By default, the brightness and contrast sliders both stand on 100%; that’s a kind of tradition for monitors from LG. The device was most sensitive to the settings as I achieved a screen brightness of 100nit by only reducing the brightness setting to 50%, and the contrast one to 80%. The screen brightness is regulated by modulation of the backlight lamp with a frequency of about 200Hz.
There are only two color temperature values in the menu plus an opportunity to define it yourself. The “6500” menu entry really corresponds to 5770K for white and 7300K for gray, while the “9300” option means 7290K and 12000K, respectively. The graphs below show that the level of blue is too high in the middle of the range; that’s why the temperature of gray is so much higher than that of white.
It’s the same at 100nit screen brightness:
The monitor claims to kindle pixels up in 16msec. Well, this is actually the response time now specified for all monitors from LG, according to the manufacturer’s website. I say “now” because this information is prone to change: the manufacturer must be replacing older matrixes with newer ones, without changing the model number of the monitor. And really, the Flatron L1710S showed very low response time, only 14msec, although it doubles at 100nit brightness. On the other hand, the graph below suggests that this time is only true for black-white transitions, while it takes as long as 30msec to make a transition for a pixel in some cases. It’s similar to the behavior of the Iiyama model.
As for the brightness and contrast ratio, Flatron L1710S proved much similar to Iiyama ProLite E4315: the maximum brightness exceeded the declared 250nit, while the contrast ratio was about 200:1. Unfortunately, I don’t know what LCD module Iiyama E431S uses, but it seems to be absolutely identical to that of L1710S.
So Flatron L1710S is in fact an exact copy of Iiyama E431S in its characteristics, save for the digital input (the price difference between the two models is just enough to make up for that). And I can only repeat what I have just said about the solution from Iiyama: this monitor suits for playing dynamic games where response time is more important than viewing angles.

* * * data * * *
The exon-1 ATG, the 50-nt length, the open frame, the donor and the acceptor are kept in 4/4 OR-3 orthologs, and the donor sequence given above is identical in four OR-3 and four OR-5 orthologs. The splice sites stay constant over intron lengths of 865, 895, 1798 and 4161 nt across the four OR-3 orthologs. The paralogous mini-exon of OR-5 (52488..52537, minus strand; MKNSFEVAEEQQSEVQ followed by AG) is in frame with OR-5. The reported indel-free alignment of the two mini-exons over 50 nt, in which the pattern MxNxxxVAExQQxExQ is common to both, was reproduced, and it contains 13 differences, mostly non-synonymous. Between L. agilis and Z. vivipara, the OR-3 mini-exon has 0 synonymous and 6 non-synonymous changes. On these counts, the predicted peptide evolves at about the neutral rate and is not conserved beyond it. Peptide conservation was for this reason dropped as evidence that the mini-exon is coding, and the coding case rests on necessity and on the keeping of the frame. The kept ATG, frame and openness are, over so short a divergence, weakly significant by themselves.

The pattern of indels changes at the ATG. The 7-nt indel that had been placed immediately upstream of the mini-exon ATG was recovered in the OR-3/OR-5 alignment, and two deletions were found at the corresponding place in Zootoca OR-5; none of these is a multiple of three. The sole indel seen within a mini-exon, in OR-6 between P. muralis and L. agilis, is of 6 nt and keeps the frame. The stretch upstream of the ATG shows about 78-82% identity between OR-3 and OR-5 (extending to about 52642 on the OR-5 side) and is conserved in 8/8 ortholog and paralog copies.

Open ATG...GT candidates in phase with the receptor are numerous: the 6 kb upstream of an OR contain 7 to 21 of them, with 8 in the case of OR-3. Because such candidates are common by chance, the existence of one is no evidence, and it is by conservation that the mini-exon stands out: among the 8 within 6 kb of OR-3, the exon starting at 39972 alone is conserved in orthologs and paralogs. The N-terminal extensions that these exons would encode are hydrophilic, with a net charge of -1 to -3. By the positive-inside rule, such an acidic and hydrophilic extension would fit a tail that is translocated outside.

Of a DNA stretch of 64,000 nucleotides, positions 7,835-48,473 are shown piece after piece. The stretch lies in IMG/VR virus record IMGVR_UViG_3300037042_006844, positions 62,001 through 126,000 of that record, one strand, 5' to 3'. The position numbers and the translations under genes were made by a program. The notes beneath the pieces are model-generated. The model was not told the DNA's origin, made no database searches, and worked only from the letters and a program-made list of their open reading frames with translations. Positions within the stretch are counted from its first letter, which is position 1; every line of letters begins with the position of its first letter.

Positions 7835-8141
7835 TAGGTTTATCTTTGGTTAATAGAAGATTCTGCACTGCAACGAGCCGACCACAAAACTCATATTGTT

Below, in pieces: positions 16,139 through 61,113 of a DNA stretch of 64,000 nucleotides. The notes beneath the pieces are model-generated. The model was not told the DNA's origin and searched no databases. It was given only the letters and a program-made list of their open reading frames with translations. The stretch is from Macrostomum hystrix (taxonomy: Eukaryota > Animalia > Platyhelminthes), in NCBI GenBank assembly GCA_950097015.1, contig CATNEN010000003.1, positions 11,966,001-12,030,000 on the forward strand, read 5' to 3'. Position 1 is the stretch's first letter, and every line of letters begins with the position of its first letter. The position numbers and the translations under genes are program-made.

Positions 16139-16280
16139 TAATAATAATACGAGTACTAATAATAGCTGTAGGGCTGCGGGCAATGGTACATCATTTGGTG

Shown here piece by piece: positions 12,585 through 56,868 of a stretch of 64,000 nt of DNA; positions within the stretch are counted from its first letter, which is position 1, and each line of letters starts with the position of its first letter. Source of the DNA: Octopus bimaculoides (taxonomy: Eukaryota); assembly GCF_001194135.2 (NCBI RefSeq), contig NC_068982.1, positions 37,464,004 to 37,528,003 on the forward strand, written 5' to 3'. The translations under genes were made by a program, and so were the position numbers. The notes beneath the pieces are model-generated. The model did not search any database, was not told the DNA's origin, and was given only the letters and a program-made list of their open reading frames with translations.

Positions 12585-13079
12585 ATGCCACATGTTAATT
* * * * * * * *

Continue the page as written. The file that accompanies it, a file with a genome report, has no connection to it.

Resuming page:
The design of LG Flatron L1710B is the same as have just seen by the previous model, only the connectors set has been enhanced. The base (the same bulky base with unadjustable height) carries a two-port USB hub, while the monitor itself has a DVI input and comes together with a corresponding cable. The menu was also the same, except the lack of the LightView feature.
Judging by my visual impressions, I arrived at a conclusion that this monitor had a different matrix. My eyes told me that the response time was somewhat higher, with noticeable ghosting behind moving objects. At the same time, the viewing angles are no better than those of the faster model: white becomes yellowish when you look at the screen sideways, the top of the screen gets dark when viewed from below, and the colors get inverted when viewed from above (black looks like gray). Colors were overall average: the onscreen image faded, although there were no visible stripes in a smooth gradient.
LG’s default brightness and contrast settings sit on 100%. Screen brightness of 100nit is achieved when you set 55% brightness and 80% contrast. The screen brightness is adjusted by modulation of the backlight lamp power with 220Hz frequency.
The menu offers a selection of three color temperatures: 6500K (in reality, it corresponds to 5890K for white and 8250K for gray), 9300K (6780K and 11100K), and user-defined setting which by default coincides with the “6500K” option.
I think you’ve guessed the results of my color calibration: the color curves are very similar to those of the previous monitor:
I can’t say this is ideal (blue is evidently too high), but the curves are smooth enough, and I should acknowledge this monitor to be well calibrated. This also holds true for 100nit screen brightness:
My measuring the response time of this monitor confirmed the supposition that this one is based on an older matrix than the previous model. The total response time was no less than 29msec, which is far from the 16msec declared on the manufacturer’s website. Well, this striking difference occurs on black-white transitions only. When doing black-gray transitions, the monitor showed no more than 36msec, that’s quite close to what the previous model showed.
The brightness and contrast ratio measurements once again proved the point that LG Flatron L1710B has a different matrix: the maximum brightness is a little below the specification (250nit), but the level of black is much higher than that of L1710S. So we’ve got a contrast ratio of 120:1.
Regrettably, this monitor is yet another proof to my suspicions that the manufacturer can use different matrixes in monitors with one model name. I guess the particular specimen belonged to an older batch as it has an older matrix (it is older, not just different, as there are no obvious advantages over the matrix of the above-described L1710S), but also lacks the LightView feature. I also suppose that fresh batches use another matrix, and the monitor is an analog of the L1710S with a USB hub and a DVI input. Unfortunately, I can’t yet confirm my suppositions, and I only advise you to be careful when shopping for an LCD monitor from LG – the models that use the older matrix are much worse than those with the newer one across a number of parameters like response time, viewing angles, color reproduction, contrast ratio.